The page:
Robin of the Wood

From a time outside history, before the language of the English was ever written down, there come to us stories and legends of heroes and valiant folk. One such story tells of Robin, son of Aleric, keeper of the Arrow. This silver arrow was a symbol of freedom and peace to the Saxon nation and it came into the Sheriff of Nottingham’s possession after he arranged for Aleric’s death. The arrow meant nothing to the Sheriff, and the years passed as the Normans continued to rob and exploit the Saxons.

Many years later, Aleric’s son, Robin, became a thorn in the Sheriff’s side. He had grown up and become the hero of the Saxon race, creating havoc by robbing the rich and giving to the poor. Realising the value of the Silver Arrow to the Saxons, the Sheriff announced that it would be the prize in an archery contest. Knowing that Robin would not be able to resist the challenge, the Sheriff sent his Norman knights out into the wood to hunt for Robin.

It is the day of the archery contest and you play the part of Robin. It is your mission to recover the arrow, The Shaft of Power, for the Saxon nation. Before making your way to the Sheriff’s castle to enter the contest, you must first complete several other tasks in the forest. The old wise Ent (remember them from Lord of the Rings?) has in his keeping your bow, your sword and three magical arrows. In order to get these you must give the Ent three bags of gold for each weapon. The gold is in the possession of the Evil Bishop of Peterborough, who has an escort of crossbow-wielding Normans: some nifty fighting is needed before he can be robbed.

There are three areas in the game: the forest, the castle dungeons and the castle itself. The forest is a maze of leafy glades and tree-lined pathways through which the animated figure of Robin runs. Objects, including extra lives, flowers and arrows are scattered round the forest floor. All Robin has to do to pick them is move over them and squat down. Apart from the marauding Norman soldiers who have orders to shoot on sight, and do their best to inflict wounds, there are other characters in the wood who will help or hinder you. While travelling to the castle you will encounter witches, who materialise from time to time. A witch will send you to the castle dungeon unless she’s given the right amount of flowers. On the other hand, if a witch is given flowers, she may help by transporting Robin to another location. A visit to the hermit doctor will pay dividends if you have been injured — but he isn’t too nice, if you’re carrying weapons.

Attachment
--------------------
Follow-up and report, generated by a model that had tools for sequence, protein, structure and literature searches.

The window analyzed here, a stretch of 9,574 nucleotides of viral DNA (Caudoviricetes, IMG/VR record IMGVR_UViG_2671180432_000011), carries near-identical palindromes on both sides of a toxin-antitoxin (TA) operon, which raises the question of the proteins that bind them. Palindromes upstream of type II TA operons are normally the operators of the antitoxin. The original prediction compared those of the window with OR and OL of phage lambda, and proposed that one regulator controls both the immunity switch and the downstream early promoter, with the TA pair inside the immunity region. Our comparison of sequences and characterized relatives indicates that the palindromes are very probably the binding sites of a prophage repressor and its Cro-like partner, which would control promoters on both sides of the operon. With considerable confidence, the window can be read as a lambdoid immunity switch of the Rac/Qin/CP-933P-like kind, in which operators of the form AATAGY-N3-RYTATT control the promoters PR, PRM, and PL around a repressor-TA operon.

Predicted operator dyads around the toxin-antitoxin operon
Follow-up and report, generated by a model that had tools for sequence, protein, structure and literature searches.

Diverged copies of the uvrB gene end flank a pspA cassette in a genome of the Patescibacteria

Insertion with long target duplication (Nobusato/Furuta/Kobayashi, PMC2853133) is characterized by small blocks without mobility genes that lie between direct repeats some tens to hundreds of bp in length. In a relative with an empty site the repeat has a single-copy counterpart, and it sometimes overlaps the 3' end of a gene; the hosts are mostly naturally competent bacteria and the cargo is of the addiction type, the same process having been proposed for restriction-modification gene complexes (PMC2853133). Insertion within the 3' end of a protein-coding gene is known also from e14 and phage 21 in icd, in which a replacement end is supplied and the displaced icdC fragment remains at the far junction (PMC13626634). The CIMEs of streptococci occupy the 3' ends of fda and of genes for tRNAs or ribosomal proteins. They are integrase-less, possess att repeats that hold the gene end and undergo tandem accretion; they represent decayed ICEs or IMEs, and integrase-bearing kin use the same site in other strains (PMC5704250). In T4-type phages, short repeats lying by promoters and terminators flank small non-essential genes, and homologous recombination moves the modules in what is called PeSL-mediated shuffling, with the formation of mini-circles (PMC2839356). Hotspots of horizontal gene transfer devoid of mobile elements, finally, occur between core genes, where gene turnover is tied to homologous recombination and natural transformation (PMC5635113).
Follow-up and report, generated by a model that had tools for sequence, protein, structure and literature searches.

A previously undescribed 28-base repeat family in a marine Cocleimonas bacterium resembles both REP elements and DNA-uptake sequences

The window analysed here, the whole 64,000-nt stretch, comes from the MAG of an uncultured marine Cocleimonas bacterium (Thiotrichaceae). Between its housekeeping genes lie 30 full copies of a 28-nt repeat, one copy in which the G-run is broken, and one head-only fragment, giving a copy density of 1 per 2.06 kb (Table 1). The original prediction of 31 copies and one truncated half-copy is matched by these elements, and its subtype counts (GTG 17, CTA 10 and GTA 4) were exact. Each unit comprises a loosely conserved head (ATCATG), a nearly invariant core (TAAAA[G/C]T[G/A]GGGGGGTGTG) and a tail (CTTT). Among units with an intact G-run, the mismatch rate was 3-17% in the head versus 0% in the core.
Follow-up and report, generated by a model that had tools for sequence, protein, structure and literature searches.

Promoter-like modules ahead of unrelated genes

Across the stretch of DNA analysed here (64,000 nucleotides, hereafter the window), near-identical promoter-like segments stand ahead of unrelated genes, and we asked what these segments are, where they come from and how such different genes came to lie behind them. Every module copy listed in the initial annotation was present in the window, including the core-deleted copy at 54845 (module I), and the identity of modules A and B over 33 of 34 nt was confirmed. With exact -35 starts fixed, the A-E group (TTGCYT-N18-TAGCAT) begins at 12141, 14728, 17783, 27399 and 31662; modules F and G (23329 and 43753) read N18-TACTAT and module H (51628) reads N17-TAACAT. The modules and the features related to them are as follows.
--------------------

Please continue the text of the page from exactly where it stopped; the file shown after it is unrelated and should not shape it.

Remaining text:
Boars run loose in the forest, and contact with a tusked terror leads to injuries. Occasionally you cross the path of the Sheriff of Nottingham, who has you imprisoned in his dungeons if he spots you. It is possible to escape from the dungeons, but not without a key!

Once you have got all the weapons and got into the castle you are able to enter the tournament and have a chance of winning the arrow. The three magical arrows purchased from the Ent will safeguard you against being recognised by the Sheriff, but once you have fired the last magic arrow you will be spotted, and must escape before getting caught.

Throughout the game your status is displayed at the bottom of the screen, together with the objects carried. Robin’s health is represented by a pair of antlers which change colour according to his energy level. Naturally, if Robin’s wounds become too severe, he dies, and care must be taken as you only have one life at the start of the game.